per Carla Escolà Costa,
For the last four years, Trinity College Dublin has been driving the development of a proposed new innovation district for Dublin, the Grand Canal Innovation District (GCID). The vision for the GCID is to develop a globally competitive centre for excellence in research and innovation. At the heart of the district will be a new innovation campus on a site owned by Trinity, which when complete will provide approximately 120,000 square metres of space for research, industry, arts, public outdoor areas and accommodation. The site is at Grand Canal Dock, home to globally renowned technology companies such as Google and Facebook, Ireland’s largest theatre and largest convention centre. The flagship building on the site will be the Engineering, Environment and Emerging Technologies (E3) Research Institute, which will combine engineering, ICT and the sciences to find solutions for global challenges, such as climate change.
In January this year, the Irish Government endorsed and published a Report from the GCID Advisory Group that recommended the development of the district, with an acknowledgement of required Government funding. Shortly after that, we had a general election with a new coalition government not agreed until June 2020. Meanwhile COVID-19 had hit and national priorities changed, understandably pivoting towards protecting health. Despite the challenges over recent months, Trinity has made significant progress across a number of areas required for the successful development of the district - Early Activation, Community engagement and Regional connectivity.
The early activation plan transforms two existing warehouses on the Trinity site into a new Innovation Hub and converts a car park into an attractive public square, facing the water. The Innovation Hub will house new start-ups, host accelerators and incubators, be a venue for innovation meet ups and a new vibrant location where entrepreneurship, research, innovation and the arts can connect. While the physical infrastructure is important, programming – the organisation of events – is essential. Trinity’s recent appointments of a Hub Director and Programming Manager will drive the participation of large corporates and SMEs to participate in early activation strategies targeted around programming, innovation enhancement, place making and deeper collaboration between companies, sectors and researchers. Completion of the Innovation Hub will take place in H2 2021.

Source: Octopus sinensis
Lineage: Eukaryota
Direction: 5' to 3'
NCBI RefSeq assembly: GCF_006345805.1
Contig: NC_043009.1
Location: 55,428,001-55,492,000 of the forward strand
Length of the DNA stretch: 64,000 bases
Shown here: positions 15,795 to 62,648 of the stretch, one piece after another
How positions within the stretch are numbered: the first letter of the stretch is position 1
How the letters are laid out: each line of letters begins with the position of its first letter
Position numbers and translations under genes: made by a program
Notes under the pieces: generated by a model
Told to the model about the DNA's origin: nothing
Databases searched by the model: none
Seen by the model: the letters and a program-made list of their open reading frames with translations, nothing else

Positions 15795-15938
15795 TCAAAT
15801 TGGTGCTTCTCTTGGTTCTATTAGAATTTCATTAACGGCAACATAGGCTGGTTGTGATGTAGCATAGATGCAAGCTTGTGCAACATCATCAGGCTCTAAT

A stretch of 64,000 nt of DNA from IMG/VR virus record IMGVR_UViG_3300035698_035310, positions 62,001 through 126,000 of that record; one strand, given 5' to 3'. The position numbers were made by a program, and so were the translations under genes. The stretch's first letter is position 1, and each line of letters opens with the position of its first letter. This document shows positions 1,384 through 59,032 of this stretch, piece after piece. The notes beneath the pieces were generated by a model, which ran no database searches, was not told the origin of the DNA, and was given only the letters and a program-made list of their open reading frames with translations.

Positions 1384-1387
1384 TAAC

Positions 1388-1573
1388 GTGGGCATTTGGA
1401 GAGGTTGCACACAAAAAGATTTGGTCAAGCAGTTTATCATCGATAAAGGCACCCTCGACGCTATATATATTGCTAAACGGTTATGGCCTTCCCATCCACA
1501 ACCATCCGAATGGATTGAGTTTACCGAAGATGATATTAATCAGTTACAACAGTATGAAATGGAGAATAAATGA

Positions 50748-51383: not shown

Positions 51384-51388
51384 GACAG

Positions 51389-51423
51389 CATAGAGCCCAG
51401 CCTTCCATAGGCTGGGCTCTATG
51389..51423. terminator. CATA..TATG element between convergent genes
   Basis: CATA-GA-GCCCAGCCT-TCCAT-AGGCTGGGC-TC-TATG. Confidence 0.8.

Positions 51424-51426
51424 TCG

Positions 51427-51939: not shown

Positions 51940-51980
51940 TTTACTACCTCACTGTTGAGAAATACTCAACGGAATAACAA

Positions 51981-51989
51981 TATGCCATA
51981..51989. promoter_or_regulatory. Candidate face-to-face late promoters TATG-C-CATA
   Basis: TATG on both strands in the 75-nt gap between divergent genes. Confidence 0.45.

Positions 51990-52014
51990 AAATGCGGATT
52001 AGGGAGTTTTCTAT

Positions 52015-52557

Central to the vision for the GCID is to ensure the campus and wider district provides opportunities for local residents, whether through education, employment, social or cultural. Community engagement is critical to the success of the district, ensuring that it is not just a place for researchers and industry, but for people of all backgrounds and ages living within and wishing to travel to the campus and district. Trinity is collaborating with surrounding industry and agencies to share best practice and develop a joint approach to deliver programmes at scale and with greater impact. As an example, we are developing an initiative that delivers used laptops and devices to older residents and families in the area, enhancing connectivity through the pandemic.
While the GCID is Dublin-based, we are developing a network to regional centres of scale, thus benefiting not only the capital but also the whole island. Trinity is working with universities and networks in Ireland’s largest city in the west, Galway and in the south, Cork, who are themselves at the early stages of innovation district formation.
The Covid pandemic has accelerated the future of work. Trinity is working with our government to ensure that we reboot a more innovation resilient economy that will enable improved translation of research to impact; enhanced partnerships with FDI and SME companies; better training and reskilling offerings for employees who need to transition sector or career post the pandemic.
Government investment requires vision and courage given the huge fiscal demands they are facing across sectors including health, retail and hospitality. However, challenging times require innovative thinking, and action that can drive recovery and the GCID can deliver as part of Ireland’s post-pandemic recovery.
Dr Diarmuid O’Brien, Chief Innovation & Enterprise Officer, Trinity College Dublin